Tim LaHaye was recognised as one of the top 25 Christian leaders during the 70s, 80s and 90s. He was best known as one of the modern pioneers of the revival of dispensationalism, also known as rapture theology.
Dispensationalism first appeared in the 1830s and is characterised by a theology that talks of a secret rapture of the Church at any moment, followed by seven years of tribulation. Then comes Armageddon, the return of Jesus and his 1,000-year reign on the earth, followed by eternity.
Talk of the rapture became very popular in the late 70s. However, the expansion of dispensationalism experienced a lull in the 80s as a rediscovered kingdom emphasis took hold. Then, in 1995, LaHaye published the first book in his Left Behind series. This was probably the biggest boost to the dispensationalist movement since the arrival of the Scofield Reference Bible in 1909.
I was a dispensationalist from the age of 13 to 27. I had my own end-times charts and commentary on Revelation. I even thought I’d missed the rapture at one point! (It’s a long story.)
LaHaye’s 1972 book, The Beginning of the End predicted that people who had been alive since 1914 would experience the rapture. The book didn’t do well and was quietly forgotten. The 1914 prediction never reappeared in his writing or speaking.
Matthew 24:36-41 is often quoted in the Left Behind films and books as a proof text for the rapture. The passage says: “One will be taken and the other left.” LaHaye believed this referred to the Church being snatched away to heaven. However, since Jesus links this event with the days of Noah, those taken away are actually taken away in judgement. Those who remained were the righteous.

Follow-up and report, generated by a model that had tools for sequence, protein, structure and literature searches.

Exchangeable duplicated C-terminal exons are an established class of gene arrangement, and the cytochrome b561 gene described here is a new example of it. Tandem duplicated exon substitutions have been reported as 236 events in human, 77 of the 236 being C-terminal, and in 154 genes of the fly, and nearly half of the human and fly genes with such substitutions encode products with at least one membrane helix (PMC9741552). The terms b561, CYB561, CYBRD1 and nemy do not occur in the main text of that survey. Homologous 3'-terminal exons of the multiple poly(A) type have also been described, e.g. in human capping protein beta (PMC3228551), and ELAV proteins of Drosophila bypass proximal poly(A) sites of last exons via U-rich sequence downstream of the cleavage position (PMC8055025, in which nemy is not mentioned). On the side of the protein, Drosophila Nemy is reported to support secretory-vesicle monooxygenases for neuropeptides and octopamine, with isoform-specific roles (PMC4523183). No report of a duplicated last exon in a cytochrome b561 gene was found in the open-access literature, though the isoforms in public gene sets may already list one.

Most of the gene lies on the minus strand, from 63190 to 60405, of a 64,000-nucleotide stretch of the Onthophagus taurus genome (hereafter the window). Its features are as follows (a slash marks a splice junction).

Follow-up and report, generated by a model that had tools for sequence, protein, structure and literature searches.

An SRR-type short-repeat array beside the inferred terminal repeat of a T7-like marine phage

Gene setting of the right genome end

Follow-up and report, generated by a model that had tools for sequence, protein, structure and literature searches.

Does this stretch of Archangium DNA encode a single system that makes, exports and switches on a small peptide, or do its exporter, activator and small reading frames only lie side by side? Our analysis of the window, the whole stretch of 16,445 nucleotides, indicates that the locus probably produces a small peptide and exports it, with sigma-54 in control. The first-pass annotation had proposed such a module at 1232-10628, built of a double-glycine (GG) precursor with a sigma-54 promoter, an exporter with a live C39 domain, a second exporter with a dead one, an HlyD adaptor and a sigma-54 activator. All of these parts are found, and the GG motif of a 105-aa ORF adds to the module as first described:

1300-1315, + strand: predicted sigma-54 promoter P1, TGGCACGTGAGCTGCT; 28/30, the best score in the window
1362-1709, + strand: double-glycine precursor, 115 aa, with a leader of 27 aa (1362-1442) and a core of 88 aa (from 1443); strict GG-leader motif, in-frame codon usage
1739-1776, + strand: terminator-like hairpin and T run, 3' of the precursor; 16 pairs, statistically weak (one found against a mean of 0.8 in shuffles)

Another central passage is 1 Thessalonians 4:13-18, which talks about believers being “caught up” to meet Jesus “in the air”. The interpretation of this passage is that this rapture is a silent, stealthy affair as Jesus comes to collect his people and returns to heaven. But far from being silent, this passage is probably the noisiest in the Bible! There are trumpets and shouting archangels, and there is absolutely no mention of us returning with Jesus to heaven.
Rapture theology says that Jesus is coming back, not to redeem the earth but to take us away and destroy it. Thankfully, in Surprised by Hope (SPCK), Tom Wright points out how God wants to redeem the earth, not vacate it to destruction. His ideas have gained prominence among many evangelicals in recent years.
Once you start to read the work of biblical scholars you soon discover that an awful lot of people don’t believe in all this rapture stuff. Discovering in my late teens that some of my heroes, such as Michael Green, John Stott and FF Bruce, opposed rapture theology was a revelation.
With the passing of LaHaye, perhaps it’s time for the Church to move on from an unhelpful and untenable view of the end times. Instead, we must look forward to the day of God and speed its coming’ (2 Peter 3:12).
JOHN TANCOCK was once dubbed “the Welsh apologist” by Premier Christian Radio. He has led and planted a number of churches and has worked in apologetics since his teens.
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